Rheumatoid arthritis remission: real-world data

A recent study has published real-world data on RA remission and investigated whether there are predictors that may make remission more likely.

Remission in rheumatoid arthritis

Remission is realistic for only one third of patients

The current study included people with rheumatoid arthritis who were undergoing escalation therapy with csDMARDs and biologics under close monitoring.

499 patients were included in the long-term study (mean follow-up of 108 months). However, only 157 of them achieved long-term remission, equal to about one third. Long-term remission was defined as:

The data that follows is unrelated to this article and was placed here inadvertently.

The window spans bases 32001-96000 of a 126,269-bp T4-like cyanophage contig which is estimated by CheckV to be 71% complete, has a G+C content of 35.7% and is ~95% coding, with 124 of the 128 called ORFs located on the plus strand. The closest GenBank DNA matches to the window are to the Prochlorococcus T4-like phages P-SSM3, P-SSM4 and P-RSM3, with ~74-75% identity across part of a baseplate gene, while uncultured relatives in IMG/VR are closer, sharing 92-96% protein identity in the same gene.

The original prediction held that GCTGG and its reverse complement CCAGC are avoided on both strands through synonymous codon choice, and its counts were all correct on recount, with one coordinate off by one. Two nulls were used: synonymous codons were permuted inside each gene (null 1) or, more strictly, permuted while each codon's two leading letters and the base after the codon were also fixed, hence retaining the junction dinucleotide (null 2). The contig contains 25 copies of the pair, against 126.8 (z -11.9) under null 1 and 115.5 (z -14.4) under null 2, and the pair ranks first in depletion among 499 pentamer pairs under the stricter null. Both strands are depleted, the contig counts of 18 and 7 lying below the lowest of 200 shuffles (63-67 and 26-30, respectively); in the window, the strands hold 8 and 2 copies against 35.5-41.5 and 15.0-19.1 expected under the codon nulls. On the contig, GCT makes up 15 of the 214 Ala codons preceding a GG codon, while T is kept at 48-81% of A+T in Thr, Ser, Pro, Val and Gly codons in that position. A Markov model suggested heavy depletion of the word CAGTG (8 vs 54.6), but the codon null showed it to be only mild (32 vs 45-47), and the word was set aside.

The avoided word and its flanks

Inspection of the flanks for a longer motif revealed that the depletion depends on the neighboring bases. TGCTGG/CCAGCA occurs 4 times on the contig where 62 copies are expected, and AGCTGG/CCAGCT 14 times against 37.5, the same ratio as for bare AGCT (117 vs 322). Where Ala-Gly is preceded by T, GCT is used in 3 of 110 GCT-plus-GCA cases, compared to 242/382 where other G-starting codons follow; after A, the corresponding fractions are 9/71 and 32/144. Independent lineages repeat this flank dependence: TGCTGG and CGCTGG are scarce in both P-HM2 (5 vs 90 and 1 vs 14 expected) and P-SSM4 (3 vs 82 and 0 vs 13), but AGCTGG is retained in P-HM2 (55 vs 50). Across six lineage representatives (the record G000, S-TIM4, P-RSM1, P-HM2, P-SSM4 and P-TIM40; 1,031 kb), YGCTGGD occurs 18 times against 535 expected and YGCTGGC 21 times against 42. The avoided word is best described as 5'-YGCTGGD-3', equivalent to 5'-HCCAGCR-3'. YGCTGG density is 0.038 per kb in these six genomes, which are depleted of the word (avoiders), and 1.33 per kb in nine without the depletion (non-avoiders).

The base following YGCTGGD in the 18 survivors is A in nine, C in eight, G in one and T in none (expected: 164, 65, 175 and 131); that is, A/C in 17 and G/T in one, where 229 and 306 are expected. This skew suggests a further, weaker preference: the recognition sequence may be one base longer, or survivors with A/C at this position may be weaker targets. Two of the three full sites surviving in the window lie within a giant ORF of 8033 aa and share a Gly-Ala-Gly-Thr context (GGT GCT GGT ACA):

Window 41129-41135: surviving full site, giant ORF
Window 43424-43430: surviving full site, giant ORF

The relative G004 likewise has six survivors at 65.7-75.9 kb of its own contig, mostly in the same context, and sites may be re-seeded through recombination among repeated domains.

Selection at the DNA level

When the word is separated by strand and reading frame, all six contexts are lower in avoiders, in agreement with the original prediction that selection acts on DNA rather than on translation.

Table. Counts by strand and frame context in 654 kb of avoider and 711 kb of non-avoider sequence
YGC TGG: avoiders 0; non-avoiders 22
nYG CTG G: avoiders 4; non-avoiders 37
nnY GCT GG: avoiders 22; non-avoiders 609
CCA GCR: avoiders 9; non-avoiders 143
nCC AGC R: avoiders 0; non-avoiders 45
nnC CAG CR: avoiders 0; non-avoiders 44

There are predictive factors

On average, it took eight months to achieve long-term remission. The researchers also investigated whether there might be predictive factors that are associated with a more favourable course and thus make remission more likely.

There was an association between long-term remission and:

Conclusion for medical practice

The newly published real-world data show that about one-third of RA patients can achieve long-term remission - with appropriate therapy. Moreover, there are predictive factors that could speak for a more positive course of the disease.